Thursday, June 6, 2013

Understanding the IRS Conference Spending

The recent IRS news about extravagant spending on staff conferences made me wonder how the numbers worked. I did see a news story that reported spending had gone from $37.6 million in 2010 to $6.2 million in 2011 to $4.9 million in 2012.

That made me wonder what spending was like before 2010, maybe over the last decade or so. Was 2012 an anomalous high, or was it kind of average up until then? I haven't turned up that information yet, but this letter from today's Star Tribune put an interesting light on the situation:

Attention diverted from real issues

The Associated Press story “IRS paid for plush meeting facilities” (June 5) — a part of the corporate media’s concerted efforts to demonize the agency tasked with investigating the tax swindles of the Corporate State of America — was riddled with more holes than the U.S. tax code.

“One top official stayed five nights in a room that regularly goes for $3,500 per night,” the story reported. Shame! But, oops, in fact the IRS “paid a flat daily fee of $135 per hotel room.” But the room upgrades were a “package deal that added to the overall cost of the conference.” Shame again! Of course, the story — designed to make taxpayers recoil in horror at the idea of a public official in lodgings above the level of a Motel 6 — leaves out exactly how much that cost actually was.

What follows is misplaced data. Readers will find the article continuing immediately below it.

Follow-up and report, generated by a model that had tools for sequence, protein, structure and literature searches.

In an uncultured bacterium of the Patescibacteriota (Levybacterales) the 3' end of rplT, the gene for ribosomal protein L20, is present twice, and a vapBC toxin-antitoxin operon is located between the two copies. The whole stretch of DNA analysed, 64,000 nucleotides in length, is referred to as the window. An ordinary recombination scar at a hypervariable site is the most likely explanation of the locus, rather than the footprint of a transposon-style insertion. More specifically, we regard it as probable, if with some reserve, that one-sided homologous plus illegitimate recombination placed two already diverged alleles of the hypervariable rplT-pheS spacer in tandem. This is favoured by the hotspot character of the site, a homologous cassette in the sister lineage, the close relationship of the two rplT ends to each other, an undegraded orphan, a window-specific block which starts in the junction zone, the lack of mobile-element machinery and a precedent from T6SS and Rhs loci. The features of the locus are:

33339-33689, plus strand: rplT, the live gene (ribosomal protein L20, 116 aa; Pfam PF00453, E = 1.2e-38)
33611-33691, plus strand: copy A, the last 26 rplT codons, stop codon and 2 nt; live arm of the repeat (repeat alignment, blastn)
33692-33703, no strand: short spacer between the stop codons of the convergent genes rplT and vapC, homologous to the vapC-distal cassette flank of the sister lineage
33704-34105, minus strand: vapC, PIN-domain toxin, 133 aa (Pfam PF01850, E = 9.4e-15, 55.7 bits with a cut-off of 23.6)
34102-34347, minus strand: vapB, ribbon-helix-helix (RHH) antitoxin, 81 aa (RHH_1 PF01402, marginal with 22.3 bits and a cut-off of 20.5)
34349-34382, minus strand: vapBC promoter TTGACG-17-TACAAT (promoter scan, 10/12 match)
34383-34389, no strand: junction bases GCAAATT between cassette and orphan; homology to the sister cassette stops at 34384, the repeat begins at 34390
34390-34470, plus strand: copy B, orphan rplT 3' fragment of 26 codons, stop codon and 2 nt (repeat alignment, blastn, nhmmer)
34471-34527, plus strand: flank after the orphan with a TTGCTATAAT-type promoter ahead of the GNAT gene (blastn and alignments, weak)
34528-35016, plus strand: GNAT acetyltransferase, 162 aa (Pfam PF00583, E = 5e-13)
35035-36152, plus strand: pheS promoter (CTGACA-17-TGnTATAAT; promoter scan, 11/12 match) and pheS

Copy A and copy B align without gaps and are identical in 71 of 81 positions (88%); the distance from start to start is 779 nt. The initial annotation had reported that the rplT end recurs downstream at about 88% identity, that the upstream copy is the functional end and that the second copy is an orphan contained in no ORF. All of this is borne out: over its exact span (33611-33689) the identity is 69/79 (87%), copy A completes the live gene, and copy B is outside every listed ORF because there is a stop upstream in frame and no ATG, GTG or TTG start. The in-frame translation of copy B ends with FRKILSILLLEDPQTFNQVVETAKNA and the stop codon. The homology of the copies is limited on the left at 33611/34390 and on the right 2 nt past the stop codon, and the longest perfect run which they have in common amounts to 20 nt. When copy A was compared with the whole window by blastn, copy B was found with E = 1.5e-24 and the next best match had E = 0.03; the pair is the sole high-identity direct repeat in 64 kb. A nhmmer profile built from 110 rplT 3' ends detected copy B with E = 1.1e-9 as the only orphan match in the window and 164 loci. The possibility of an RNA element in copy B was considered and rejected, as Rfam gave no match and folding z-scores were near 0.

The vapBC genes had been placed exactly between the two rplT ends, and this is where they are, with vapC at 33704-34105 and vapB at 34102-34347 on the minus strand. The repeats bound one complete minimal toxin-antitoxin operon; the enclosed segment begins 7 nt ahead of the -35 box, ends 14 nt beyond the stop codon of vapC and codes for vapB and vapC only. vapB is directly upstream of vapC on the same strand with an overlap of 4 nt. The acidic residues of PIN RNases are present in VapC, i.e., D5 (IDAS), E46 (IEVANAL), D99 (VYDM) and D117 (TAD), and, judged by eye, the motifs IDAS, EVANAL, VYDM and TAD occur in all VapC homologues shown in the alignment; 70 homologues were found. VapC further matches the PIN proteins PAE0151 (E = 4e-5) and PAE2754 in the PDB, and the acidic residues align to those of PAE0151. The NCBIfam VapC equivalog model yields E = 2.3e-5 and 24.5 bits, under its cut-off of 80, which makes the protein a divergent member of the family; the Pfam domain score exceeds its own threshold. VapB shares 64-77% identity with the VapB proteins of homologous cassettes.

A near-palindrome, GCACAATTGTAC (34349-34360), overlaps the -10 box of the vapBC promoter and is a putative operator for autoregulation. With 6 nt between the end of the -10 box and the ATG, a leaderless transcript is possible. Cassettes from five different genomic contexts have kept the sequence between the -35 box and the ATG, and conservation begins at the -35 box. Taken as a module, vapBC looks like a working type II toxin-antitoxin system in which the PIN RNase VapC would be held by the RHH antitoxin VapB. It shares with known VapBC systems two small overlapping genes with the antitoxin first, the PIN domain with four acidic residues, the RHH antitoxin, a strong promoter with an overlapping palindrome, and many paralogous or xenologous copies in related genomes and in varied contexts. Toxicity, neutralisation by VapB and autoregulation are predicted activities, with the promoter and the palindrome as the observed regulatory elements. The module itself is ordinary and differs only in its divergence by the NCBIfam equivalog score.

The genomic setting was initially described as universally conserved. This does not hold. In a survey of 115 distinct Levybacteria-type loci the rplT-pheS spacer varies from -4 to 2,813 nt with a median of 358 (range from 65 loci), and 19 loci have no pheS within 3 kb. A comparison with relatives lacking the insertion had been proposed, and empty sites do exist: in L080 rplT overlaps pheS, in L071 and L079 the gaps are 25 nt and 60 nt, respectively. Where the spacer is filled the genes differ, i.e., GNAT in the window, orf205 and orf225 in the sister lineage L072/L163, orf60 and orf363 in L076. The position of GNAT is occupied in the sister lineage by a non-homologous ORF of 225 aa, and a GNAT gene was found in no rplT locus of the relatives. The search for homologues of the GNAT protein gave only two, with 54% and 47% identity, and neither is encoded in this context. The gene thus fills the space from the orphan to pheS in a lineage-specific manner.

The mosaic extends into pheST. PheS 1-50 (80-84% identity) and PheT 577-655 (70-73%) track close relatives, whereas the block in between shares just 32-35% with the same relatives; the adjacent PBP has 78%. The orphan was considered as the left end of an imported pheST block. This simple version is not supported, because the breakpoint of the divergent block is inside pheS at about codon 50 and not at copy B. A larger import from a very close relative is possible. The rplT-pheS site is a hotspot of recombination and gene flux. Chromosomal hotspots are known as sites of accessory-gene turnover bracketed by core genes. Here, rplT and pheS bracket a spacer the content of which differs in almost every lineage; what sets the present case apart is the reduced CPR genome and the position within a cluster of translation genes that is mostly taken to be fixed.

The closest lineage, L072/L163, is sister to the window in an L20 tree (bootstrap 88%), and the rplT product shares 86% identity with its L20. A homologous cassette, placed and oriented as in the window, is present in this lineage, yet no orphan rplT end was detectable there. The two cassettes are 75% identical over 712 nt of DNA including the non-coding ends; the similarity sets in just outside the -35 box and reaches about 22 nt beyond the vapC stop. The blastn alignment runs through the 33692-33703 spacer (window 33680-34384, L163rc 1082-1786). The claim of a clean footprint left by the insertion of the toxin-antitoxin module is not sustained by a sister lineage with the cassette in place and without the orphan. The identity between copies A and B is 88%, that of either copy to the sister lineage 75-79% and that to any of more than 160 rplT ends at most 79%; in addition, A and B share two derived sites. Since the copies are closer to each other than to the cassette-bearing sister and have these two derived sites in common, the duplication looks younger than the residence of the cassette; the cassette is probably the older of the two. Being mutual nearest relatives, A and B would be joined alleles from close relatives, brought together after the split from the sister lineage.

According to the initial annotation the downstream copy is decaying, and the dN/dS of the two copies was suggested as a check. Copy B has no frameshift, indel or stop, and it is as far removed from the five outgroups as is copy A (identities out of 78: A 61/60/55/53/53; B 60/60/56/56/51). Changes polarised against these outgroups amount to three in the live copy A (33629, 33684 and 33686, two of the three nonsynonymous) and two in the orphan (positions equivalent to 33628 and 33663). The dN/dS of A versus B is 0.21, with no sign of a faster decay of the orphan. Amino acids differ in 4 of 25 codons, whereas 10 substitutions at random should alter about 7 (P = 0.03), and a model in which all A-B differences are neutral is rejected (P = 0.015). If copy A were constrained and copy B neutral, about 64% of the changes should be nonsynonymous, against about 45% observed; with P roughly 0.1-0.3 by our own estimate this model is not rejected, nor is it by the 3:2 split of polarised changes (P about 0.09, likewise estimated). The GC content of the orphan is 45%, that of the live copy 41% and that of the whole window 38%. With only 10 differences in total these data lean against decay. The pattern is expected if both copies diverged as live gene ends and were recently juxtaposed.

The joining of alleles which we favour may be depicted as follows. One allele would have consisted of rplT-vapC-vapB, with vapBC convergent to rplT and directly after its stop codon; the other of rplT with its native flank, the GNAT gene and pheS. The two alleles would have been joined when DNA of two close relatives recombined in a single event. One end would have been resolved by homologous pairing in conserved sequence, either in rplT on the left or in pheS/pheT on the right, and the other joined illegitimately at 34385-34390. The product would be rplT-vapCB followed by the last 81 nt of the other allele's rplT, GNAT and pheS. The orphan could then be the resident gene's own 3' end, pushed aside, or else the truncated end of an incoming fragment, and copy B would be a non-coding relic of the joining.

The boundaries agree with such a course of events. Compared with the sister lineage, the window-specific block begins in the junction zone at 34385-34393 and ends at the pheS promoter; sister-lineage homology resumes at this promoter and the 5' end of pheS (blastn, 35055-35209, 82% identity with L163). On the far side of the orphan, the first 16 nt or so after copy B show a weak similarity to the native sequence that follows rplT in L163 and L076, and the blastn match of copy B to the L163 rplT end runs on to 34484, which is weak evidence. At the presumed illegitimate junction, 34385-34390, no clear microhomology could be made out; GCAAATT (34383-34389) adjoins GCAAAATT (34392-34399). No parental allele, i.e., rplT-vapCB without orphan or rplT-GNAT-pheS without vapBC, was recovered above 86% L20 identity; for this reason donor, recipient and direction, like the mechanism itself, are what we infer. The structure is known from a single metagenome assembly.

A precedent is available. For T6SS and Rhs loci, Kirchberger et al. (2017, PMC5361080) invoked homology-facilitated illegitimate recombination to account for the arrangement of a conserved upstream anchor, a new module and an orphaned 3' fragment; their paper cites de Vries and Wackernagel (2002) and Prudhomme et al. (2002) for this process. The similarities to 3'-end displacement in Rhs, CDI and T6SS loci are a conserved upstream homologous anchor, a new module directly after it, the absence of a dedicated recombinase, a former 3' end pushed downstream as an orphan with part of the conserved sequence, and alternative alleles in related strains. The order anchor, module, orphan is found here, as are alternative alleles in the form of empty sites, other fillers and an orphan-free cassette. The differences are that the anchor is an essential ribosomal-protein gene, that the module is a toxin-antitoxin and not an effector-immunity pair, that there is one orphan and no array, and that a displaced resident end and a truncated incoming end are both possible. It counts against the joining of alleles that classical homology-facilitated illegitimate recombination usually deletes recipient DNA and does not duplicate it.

Corporate America, which cheats U.S. taxpayers out of $92 billion annually, wants to paralyze the IRS. One way to do that is to ensure that working for the agency is so financially unattractive that no expert in his or her right mind, with the legal and financial know-how required to navigate the corporate tax swindlers, would ever consider IRS employment. After all, working for the tax-dodgers is much more lucrative.

Employee conferences for a public agency with 106,000 employees (2010) cost $49 million over a three-year period (2010-12). That’s $16.3 million per year. That’s $154 per employee per year. Wow, that oughta buy a lot of plush. Big news, right?

Iris E. Lee, Northfield, Minn.
I've been wondering how many employees the IRS has, and Iris answered that for me, while also putting the entire spending amount into context. $154 per year per employee for training, especially for employees whose job details change a lot every year. Even if they spent the 2010 amount every year, that would be $354 per year per employee. Doesn't sound like too much to me.

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